Giving people second chances has given me first-rate employees. – Café owner


I’ve adopted fair hiring policies that protect my business while avoiding missing out on good workers:

I made background checks make sense for me with a tailored procedure that fits my business.

I banned the box. Last year, I removed the criminal records inquiry from my company’s initial employment application; now I wait till I meet the applicant during the interview to ask about a criminal history. This allows me to base my decision on the whole person – rather than just a single report.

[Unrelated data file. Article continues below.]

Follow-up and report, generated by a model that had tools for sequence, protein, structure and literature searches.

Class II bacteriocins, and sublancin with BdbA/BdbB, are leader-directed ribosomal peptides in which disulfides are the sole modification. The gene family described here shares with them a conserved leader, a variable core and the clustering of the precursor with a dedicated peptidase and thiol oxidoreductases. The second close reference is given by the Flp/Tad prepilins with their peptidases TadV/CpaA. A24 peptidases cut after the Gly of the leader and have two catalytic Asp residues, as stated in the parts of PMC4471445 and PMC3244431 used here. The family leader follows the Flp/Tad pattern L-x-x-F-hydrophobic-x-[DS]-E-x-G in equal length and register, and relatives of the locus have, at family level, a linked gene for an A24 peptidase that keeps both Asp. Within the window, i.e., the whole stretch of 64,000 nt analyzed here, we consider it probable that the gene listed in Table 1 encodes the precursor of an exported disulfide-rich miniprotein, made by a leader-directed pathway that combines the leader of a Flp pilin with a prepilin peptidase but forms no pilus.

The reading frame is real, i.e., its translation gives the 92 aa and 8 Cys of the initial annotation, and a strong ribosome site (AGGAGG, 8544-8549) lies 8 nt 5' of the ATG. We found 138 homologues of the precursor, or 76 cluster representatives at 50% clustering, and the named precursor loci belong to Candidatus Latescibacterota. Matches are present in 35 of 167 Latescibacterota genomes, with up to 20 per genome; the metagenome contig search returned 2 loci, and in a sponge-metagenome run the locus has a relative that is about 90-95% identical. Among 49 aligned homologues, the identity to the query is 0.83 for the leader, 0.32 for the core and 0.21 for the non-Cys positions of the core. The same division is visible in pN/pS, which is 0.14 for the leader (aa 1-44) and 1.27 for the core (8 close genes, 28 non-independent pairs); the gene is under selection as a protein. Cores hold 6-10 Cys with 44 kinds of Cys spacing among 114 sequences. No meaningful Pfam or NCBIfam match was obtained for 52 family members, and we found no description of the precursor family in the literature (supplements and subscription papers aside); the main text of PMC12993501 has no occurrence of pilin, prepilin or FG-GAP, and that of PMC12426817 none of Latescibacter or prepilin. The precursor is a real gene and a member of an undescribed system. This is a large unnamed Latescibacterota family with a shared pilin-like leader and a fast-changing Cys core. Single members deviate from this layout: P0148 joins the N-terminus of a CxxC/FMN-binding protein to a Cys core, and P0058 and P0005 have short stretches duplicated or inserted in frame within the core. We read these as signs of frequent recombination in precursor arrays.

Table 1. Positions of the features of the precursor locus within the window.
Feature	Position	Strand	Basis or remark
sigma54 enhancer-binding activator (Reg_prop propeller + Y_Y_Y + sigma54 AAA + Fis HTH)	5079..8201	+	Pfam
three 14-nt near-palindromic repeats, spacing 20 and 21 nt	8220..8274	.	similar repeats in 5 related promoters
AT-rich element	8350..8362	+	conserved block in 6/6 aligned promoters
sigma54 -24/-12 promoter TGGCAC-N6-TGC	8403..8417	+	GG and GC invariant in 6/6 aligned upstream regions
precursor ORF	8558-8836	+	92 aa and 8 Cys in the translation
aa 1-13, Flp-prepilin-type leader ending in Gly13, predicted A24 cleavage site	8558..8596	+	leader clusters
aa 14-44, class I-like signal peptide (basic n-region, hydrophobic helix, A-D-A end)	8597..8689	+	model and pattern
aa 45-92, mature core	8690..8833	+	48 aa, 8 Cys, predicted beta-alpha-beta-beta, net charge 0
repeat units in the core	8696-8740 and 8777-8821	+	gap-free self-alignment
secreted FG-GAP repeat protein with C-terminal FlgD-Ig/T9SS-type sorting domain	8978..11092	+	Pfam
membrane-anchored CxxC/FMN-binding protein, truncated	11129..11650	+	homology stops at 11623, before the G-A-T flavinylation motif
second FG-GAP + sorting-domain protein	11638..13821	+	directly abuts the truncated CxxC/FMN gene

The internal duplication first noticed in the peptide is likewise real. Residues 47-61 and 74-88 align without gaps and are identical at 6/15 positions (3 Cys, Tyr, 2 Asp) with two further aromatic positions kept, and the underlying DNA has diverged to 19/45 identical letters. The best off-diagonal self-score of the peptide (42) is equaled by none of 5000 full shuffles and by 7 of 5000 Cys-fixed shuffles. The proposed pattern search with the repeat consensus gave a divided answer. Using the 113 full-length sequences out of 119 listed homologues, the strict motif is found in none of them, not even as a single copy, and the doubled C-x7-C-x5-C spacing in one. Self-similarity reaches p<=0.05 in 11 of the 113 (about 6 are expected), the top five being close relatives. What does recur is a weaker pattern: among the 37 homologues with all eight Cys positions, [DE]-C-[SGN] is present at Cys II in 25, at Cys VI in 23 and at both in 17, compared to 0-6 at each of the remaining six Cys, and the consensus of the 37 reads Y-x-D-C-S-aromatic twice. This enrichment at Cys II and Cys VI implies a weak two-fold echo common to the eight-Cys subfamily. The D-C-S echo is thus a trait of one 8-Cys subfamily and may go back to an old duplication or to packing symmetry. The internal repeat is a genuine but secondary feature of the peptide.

I meet the applicants. We talk about their records to assess the relevance of the offense to the job at hand. I consider how old they were when the offense occurred and what they’ve done to rehabilitate themselves since.

I train my hiring staff to understand the information they’re accessing and to comply with relevant laws, like the Fair Credit Reporting Act and Title VII of the Civil Rights Act.


For further reading, see the National Employment Law Project’s 65 Million Need Not Apply; Devah Pager’s The Mark of a Criminal Record; and Michelle Alexander’s The New Jim Crow.

Watch: The House I Live In, The Pull of Gravity, and Broken on All Sides